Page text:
Researchers Unveil Liquid-based Memory Concepts for Mass Storage
Researchers at IMEC have divulged two proposed schemes for implementing liquid-based memories. Could they provide a future replacement for NAND flash mass storage?
Driven by the rising demand for compact electronic devices, there is a significant growth in the semiconductor memory market. This is especially true for NAND flash memories, as mass storage technology transitions from hard disk drives (HDDs) to solid-state drives (SSDs). For modern processors, the ability of memory to move large amounts of data around at high speeds is vital. Without this ability, processors can't perform at their full potential.
Among all the memory technologies, NAND flash is the most used online and nearline storage technology because it offers the lowest latency and power consumption. Researchers have improved the bit density of NAND flash storage solutions consistently throughout the years. However, this scaling of NAND flash is expected to slow soon.
NAND flash is the leading technology for today's SDDs, such as this Crucial P3 Gen3 NVMe SSD. Image used courtesy of Crucial by Micron
As the scaling of NAND flash memories is starting to saturate, new storage concepts are being investigated, including Phase Change Memory (PCM), Resistance RAM (ReRAM), Ferroelectric RAM (FRAM), Magnetic RAM (MRAM), Spin Transfer Torque MRAM (STT MRAM) and carbon-nanotube memory (NRAM). These new technologies can replace and complement the existing storage solutions in terms of latency and bit density.
Offering some alternative approaches, IMEC researchers propose two new liquid-based storage concepts for ultra-high density nearline storage applications. These new solutions could make archived data like emails, multimedia, and other large documents available to the user within seconds. IMEC is an R&D hub for nano- and digital technologies.
Scaling Challenges of NAND Flash Memory
In a NAND flash memory, floating-gate transistors are connected in series, and the bit line is pulled low only when all the word lines are high. All these memory cells are organized in two or three-dimensional arrays at the cross-point of words. An access device—usually a transistor—connects the storage element to wires needed for reading and writing the memory cell. Despite these additional transistors, the reduction in ground wires and bit lines allows for higher bit density and storage capacity.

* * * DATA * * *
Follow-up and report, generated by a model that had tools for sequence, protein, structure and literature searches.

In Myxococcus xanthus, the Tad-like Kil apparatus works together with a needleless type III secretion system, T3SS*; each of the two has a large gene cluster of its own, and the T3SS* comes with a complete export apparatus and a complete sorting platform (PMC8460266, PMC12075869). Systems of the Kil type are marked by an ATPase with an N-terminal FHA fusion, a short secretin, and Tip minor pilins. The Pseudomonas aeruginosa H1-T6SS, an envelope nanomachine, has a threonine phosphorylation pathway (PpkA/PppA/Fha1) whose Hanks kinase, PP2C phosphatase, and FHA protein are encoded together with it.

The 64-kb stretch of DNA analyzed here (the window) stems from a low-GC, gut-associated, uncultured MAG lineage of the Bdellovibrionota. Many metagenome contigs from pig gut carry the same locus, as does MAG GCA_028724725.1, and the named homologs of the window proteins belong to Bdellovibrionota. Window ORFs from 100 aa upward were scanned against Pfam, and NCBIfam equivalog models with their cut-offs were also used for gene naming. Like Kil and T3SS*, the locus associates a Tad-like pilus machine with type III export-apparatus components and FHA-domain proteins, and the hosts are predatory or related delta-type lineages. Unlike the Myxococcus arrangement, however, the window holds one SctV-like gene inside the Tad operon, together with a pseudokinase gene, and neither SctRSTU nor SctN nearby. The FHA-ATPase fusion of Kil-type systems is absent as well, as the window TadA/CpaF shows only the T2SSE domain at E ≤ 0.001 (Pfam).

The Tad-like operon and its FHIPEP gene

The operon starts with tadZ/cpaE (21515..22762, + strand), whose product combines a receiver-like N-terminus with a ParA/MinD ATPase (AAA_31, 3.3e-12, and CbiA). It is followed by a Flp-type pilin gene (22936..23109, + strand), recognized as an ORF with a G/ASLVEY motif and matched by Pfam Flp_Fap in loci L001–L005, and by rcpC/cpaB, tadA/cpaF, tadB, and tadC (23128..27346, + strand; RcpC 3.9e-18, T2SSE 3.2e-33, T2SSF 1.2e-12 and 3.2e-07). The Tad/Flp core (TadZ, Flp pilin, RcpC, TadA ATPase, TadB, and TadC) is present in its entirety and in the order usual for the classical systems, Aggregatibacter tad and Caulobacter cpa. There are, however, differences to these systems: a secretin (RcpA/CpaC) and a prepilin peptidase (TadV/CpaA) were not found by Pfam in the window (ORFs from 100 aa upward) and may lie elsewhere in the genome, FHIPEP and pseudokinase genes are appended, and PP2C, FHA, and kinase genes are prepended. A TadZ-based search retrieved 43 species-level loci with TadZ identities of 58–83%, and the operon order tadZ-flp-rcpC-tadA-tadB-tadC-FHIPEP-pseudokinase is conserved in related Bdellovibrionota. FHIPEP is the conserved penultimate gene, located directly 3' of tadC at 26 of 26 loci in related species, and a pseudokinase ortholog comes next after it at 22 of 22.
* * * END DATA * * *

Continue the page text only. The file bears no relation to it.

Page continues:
However, this configuration with one access device for each storage element limits the bit density. In HDDs, fewer access devices are connected to a relatively large memory array, allowing for higher bit densities and lower cost per bit than NAND flash memories. But they are slower and less power efficient because of the mechanically attached reading mechanism.
By considering the advantages of both these technologies, new concepts can be found for making ultra-high-density memories.
IMEC's Liquid-based Memories
IMEC researchers propose two new liquid-based memories for nearline storage: colloidal and electrolithic memory.
The colloidal memory consists of a colloid of two or more types of nanoparticles inside a reservoir. The reservoir is attached to capillaries, where the nanoparticles are inserted. The information is encoded in the form of a sequence in which the particles are entered into the capillaries. The nanoparticles can be selectively impacted by electrodes located at the entrance of each capillary. A CMOS circuit controls the array of electrodes and addresses each electrode individually.
Illustration of the colloidal memory concept. Image used courtesy of IMEC
For this concept, researchers explore dielectrophoresis as a writing mechanism, where an alternating electric field across the electrode exerts a force on the nanoparticles. The nature of the force (attractive or repulsive) depends on the type of nanoparticle and the frequency of the electric field. The researchers suggest that a selective writing process can be created by applying different frequencies.
Diagram of the electrolithic memory concept. Image used courtesy of IMEC
Just like the colloidal memory, the electrolithic memory makes use of a fluid reservoir and an array of capillaries. Here, metal ions are dissolved in liquid. For this concept, there are several ways to encode the information. The researchers report that one possibility could be that 1 nm of a metal ion can be used to encode 0, while 2 nm of an ion can be binary 1.
The IMEC researchers fabricated an electrolithic memory with parallel nano wells of 80-150 nm diameter and 300 nm depth as arrays. They successfully demonstrated the read and write ability of memory using mm- and μm-sized electrodes.
Proof of concept of the electrolithic memory. This shows microelectrode arrays with electrodes of different sizes in the mm- to µm range. Image used courtesy of IMEC
Industry Adoption of Liquid-based Memories
The new liquid-based memories are in the exploratory research stage, especially the colloidal memory. The IMEC researchers are currently working on fine-tuning the concept and providing the first proof of principle of the colloidal memory on a nanometer scale.
The researchers believe that scaling efforts in these technologies can make them comparable to 3D NAND flash. However, for that, the researchers must be able to make capillaries with aspect ratios of about 400:1 and 165:1 for colloidal and electrolithic memory, respectively. Moreover, to become a viable commercial storage solution, the technology must have optimal response time, bandwidth, read and write endurance, energy consumption, and lifecycle. The IMEC researchers are planning to perform these evaluations in further research.